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EtymologyEdit

 
The scouthouse in Bonin, Poznań, Poland

From scout +‎ house.

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NounEdit

scouthouse (plural scouthouses)

  1. (Scouting, US) A building where members of the Scout Movement hold their meetings.
    • 1935 October, “Explorers and Scouts: Scouting in the Oahu Stake”, in Heber J[eddy] Grant and John A[ndreas] Widtsoe, editors, The Improvement Era, volume 38, number 10, Salt Lake City, Ut.: Young Men’s Mutual Improvement Association Corporation of the Church of Jesus Christ of Latter-day Saints, OCLC 1752702, page 634, column 1:
      In the summer of 1920 a second troop was started, and opened with a Scouthouse at Laie, windward Oahu, for the children of those missionaries living together in this happy settlement which radiates the true spirit of hospitality and kindness.
    • 1980, Frank A. Driskill; ‎Noel Grisham, Historic Churches of Texas: The Land and the People, Burnet, Tex.: Eakin Press, →ISBN, page 211:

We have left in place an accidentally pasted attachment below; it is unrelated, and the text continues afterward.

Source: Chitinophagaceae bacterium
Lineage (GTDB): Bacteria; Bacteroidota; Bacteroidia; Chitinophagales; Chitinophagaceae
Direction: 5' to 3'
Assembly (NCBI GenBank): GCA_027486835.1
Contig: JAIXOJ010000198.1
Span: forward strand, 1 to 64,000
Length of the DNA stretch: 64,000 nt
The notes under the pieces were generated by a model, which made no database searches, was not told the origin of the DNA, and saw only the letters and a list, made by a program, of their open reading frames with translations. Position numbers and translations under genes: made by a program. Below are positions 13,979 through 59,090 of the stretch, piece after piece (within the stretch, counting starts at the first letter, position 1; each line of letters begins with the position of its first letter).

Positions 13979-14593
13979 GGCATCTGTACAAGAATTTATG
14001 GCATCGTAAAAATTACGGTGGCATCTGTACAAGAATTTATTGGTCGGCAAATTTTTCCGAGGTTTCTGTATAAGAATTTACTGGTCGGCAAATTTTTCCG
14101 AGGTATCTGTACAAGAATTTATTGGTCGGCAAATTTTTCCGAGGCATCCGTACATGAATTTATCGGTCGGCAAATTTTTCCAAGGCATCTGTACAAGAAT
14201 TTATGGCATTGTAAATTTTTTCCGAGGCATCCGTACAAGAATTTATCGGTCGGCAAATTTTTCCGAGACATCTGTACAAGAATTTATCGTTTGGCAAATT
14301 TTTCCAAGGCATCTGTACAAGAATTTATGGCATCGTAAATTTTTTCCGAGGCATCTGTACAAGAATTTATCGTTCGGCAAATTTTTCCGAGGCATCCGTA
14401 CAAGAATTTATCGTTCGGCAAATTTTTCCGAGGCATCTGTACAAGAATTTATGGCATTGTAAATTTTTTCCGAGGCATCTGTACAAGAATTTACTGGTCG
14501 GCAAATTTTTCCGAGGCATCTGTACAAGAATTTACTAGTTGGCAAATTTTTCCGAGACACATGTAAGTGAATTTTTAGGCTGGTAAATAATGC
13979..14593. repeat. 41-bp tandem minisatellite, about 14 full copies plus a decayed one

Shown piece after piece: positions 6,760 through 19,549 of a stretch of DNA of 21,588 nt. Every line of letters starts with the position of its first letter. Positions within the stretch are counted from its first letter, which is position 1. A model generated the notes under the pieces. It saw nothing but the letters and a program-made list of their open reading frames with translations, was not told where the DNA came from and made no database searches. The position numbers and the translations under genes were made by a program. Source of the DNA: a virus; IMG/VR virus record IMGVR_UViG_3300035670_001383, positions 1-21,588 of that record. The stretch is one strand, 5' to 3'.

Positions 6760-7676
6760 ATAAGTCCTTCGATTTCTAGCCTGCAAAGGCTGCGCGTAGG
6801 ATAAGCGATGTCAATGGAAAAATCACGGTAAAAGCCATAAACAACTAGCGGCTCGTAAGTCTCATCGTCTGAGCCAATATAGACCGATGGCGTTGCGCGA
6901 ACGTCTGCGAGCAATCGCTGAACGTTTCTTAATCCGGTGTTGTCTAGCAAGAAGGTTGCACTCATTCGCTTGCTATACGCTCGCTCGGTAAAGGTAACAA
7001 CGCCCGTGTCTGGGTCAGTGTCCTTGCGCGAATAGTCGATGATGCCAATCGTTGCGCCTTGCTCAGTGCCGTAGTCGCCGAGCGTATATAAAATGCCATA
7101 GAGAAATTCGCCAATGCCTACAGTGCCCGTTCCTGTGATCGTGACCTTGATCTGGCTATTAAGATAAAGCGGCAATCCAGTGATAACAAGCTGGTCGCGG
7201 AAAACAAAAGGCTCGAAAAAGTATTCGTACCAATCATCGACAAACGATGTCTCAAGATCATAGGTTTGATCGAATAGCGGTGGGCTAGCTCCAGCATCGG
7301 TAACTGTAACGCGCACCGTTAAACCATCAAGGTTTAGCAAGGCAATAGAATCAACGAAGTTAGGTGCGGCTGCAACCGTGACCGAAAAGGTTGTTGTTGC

A new rectory, a youth center and a scouthouse were constructed []
    • 1982, Staffrider, volume 5, Braamfontein, Johannesburg: Ravan Press, ISSN 0258-7211, OCLC 475968887, page 83, column 1:
      Once, they thought they saw a light burning in a place which should have been dark. But it was only the reflection of the streetlamps shining on the scouthouse windows, and they did not even stop to investigate.
    • 1994 April 12, Phil Katz, “Tempo”, in rec.folk-dancing, Usenet[1], message-ID <2od0eh$ol6@news.u.washington.edu>:
      I've only been an out of town visitor at the Mon night scouthouse dances a few times, but I've never found it uninviting.

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